Watered-down Living Wage proposal looking likely at Gloucestershire County Council
More than 100 Gloucestershire County Council employees are in line for a potential pay rise after Shire Hall bosses committed to considering paying a Living Wage when they set the authority’s next budget.
The Labour group has been pushing for the authority to adopt the Living Wage of £7.45 an hour – significantly higher than the minimum wage of £6.31 – for all of its staff who earn below that threshold.
But while the full scale rollout to almost 900 employees has been ruled out for now because the cost is too prohibitive, the council will vote on whether or not 119 directly employed staff who earn less than £7.45 an hour should receive a Living Wage supplement.
It means that the close to 800 people who work in education in Gloucestershire who earn less than the Living Wage will not benefit.
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But for the directly employed staff such a commitment would be worth up to an extra £2,500 a year in wages.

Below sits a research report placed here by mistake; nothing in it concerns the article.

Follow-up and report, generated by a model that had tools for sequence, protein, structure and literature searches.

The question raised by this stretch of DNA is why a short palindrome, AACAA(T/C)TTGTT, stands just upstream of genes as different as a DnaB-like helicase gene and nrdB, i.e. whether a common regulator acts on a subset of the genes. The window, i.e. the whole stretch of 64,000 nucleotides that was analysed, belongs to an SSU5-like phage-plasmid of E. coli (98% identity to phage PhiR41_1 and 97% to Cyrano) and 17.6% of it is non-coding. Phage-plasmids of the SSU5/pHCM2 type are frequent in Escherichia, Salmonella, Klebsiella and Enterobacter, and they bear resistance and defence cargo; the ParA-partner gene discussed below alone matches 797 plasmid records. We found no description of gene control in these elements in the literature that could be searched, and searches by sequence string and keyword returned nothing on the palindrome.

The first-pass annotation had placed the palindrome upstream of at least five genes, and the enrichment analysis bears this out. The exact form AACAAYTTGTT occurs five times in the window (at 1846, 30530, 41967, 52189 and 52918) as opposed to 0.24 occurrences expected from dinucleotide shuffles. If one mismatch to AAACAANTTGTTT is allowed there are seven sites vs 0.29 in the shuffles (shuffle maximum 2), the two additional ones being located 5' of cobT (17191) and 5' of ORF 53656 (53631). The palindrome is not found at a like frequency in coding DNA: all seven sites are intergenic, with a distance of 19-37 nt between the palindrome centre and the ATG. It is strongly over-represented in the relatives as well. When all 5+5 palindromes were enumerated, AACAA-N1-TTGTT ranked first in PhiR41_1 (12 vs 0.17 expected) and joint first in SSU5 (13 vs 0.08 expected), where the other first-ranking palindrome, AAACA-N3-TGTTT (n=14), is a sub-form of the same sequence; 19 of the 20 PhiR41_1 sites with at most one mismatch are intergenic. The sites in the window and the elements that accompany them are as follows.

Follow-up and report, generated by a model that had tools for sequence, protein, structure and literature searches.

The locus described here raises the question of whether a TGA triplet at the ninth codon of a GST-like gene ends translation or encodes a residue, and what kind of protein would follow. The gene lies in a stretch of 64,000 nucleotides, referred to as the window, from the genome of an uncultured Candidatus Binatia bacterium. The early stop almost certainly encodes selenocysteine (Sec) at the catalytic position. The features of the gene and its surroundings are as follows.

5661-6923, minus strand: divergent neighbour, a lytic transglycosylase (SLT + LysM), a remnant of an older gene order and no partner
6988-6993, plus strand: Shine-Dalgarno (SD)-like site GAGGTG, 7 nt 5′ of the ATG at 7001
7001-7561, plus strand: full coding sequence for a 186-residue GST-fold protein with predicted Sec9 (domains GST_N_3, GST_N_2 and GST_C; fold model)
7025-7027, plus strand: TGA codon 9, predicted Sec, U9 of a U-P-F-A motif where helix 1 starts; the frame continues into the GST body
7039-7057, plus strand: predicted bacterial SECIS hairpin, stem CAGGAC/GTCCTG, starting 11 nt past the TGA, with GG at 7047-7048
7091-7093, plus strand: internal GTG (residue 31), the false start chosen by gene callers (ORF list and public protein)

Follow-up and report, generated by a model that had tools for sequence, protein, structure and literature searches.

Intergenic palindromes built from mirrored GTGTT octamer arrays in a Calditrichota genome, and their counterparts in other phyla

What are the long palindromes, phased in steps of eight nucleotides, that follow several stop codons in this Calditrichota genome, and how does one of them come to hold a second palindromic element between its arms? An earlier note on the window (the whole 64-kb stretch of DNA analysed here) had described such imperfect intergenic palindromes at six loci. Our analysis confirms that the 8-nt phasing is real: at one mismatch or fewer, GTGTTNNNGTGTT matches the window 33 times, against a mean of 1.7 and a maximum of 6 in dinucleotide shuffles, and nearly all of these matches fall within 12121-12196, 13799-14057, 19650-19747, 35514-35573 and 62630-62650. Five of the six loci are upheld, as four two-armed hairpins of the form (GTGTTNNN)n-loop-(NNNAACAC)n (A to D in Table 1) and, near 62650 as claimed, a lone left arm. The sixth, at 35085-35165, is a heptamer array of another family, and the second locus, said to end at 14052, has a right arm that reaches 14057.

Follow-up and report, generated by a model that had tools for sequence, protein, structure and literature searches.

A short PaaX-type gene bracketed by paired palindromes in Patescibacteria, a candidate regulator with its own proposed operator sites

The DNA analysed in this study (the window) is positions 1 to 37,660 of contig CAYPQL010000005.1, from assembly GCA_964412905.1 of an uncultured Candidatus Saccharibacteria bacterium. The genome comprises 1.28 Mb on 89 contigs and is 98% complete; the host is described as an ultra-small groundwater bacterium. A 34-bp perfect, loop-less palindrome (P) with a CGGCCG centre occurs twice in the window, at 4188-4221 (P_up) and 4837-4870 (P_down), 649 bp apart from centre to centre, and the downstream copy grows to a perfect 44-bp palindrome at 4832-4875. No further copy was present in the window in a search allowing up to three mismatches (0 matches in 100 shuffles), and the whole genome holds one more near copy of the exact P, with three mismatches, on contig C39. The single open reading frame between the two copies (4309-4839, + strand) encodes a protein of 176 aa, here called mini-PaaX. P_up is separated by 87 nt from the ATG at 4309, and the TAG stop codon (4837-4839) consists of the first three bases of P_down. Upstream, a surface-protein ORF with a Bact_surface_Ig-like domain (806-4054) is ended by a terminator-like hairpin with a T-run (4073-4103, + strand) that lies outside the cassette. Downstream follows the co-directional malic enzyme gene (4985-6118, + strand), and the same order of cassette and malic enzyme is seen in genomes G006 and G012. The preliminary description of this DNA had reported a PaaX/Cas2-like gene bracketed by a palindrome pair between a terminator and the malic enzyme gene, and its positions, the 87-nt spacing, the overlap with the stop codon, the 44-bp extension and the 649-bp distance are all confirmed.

The council’s Conservative cabinet today agreed to officers drawing up a report costing the measure which will then be considered by the authority when it sets its next budget in February.
The commitment, which if voted through would be reviewed every year, represents a watered down version of what the Labour group is fighting for.
But Councillor Steve Lydon (Lab, Dursley), who has led the battle to introduce the Living Wage at the authority, believes the latest development is a step in the right direction.
He said: “Introducing a Living Wage supplement for 119 council employees would be a vital first step forward and we welcome the cabinet’s decision to consider it as part of the budget process.
“But a Living Wage supplement would only be the start of the journey.
“The Labour Party will continue to campaign for the creation of a Gloucestershire Living Wage. It is important that the county council leads by example.”
Councillor Mark Hawthorne (C, Quedgeley), leader of Gloucestershire County Council, said: “Cabinet has agreed that the proposal should be worked up by officers as part of the budget process.
“All councillors will then decide whether the council adopts this policy during the budget meeting in February.”